October 25th was an amazingly clear day! Having bought my plane tickets up to Portland for meetings six weeks in advance, and having "gambled" on the 25th to be my climb day, I was extremely blessed.
I started my day very early because I wanted to get back to Portland in time to rest before the next day's early flight home. I picked up my pass at 6AM and headed for Climbers Bivouac. The hike through the woods up to timberline seemed to pass very quickly. It was a cold, quiet morning and I just took the time to enjoy the peace and solitude of the day.
I think the thing that caught me off guard was the challenge of Monitor Ridge. It wasn't the climbing, or the ascending but the constant scurrying over boulders, being extra careful not to twist ankles, cut myself or fall and break something. While not a technical climb, it was definitely challenging. When I cleared the boulder field, I assumed the hard part was over. Then I learned about scree!
I'm not exactly sure if everything I climbed through was technically "scree" or not, but it seemed to fit the description that someone told me about. Whatever the stuff is called, for about the last 1000-1300 feet I experienced first-hand the "two-steps-forward-one-step-back" scenario that friends had warned me about. Couple this with the fact that for the first time in my life I was experiencing higher altitude than I had ever really been exposed to. I began to notice at around 7,200 ft that I was having to breath a lot harder and my body felt a little more tired. I know this is nothing for the pros out there, but it was new to me.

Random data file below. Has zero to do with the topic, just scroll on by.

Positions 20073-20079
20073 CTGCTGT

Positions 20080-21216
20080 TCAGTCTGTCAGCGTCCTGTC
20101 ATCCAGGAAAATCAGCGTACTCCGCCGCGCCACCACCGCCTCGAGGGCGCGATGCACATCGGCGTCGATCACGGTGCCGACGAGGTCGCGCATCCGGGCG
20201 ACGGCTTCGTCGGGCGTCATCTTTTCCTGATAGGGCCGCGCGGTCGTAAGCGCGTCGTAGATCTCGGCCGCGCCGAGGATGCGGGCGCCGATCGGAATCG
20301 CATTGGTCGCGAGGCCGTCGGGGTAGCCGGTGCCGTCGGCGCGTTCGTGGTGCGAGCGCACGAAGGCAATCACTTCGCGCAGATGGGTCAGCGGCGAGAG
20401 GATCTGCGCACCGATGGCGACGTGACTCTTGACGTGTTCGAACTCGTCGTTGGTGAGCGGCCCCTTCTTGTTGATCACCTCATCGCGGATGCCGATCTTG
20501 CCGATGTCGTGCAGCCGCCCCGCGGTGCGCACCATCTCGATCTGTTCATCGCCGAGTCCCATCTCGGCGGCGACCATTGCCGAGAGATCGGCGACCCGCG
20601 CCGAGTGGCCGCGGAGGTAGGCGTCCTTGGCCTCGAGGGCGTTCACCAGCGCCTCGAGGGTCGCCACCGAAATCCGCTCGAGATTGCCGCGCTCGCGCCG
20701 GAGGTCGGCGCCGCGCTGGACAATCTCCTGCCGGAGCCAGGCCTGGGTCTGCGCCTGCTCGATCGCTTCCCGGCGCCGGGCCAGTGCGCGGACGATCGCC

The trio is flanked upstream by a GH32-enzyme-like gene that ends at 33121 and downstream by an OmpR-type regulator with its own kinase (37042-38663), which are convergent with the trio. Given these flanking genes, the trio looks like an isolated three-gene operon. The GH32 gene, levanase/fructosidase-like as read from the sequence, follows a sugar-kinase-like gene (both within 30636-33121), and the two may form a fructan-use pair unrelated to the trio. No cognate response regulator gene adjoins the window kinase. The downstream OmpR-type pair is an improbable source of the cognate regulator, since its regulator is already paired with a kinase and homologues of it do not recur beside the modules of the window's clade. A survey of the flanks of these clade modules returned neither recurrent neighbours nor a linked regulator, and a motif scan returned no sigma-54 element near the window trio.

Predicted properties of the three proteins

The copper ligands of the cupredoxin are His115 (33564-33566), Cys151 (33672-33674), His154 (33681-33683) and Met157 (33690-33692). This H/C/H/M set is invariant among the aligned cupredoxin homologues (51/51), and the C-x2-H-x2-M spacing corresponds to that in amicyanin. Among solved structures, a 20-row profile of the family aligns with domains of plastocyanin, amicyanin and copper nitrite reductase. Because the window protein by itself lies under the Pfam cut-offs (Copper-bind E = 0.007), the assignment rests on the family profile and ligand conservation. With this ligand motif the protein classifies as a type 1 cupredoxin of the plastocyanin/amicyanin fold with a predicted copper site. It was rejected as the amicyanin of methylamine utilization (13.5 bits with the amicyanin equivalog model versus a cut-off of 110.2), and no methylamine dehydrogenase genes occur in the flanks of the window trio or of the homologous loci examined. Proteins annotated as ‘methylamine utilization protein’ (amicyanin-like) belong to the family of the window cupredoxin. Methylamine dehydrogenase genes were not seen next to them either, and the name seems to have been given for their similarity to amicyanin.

The last 500 ft. were hard, I'll admit, but I was very motivated by several people who were descending the summit, raving about the "amazing view".
The summit was indeed amazing! It was truly like nothing I had ever seen before. From the top it was almost crystal clear in every direction. Rainier and Adams almost looked as if I could reach out and touch them. Off in the distance I could clearly see Hood, Jefferson and South Sister. I spent about 20 minutes at the top before descending. It was cold enough and windy enough that staying too much longer would have been a bit uncomfortable.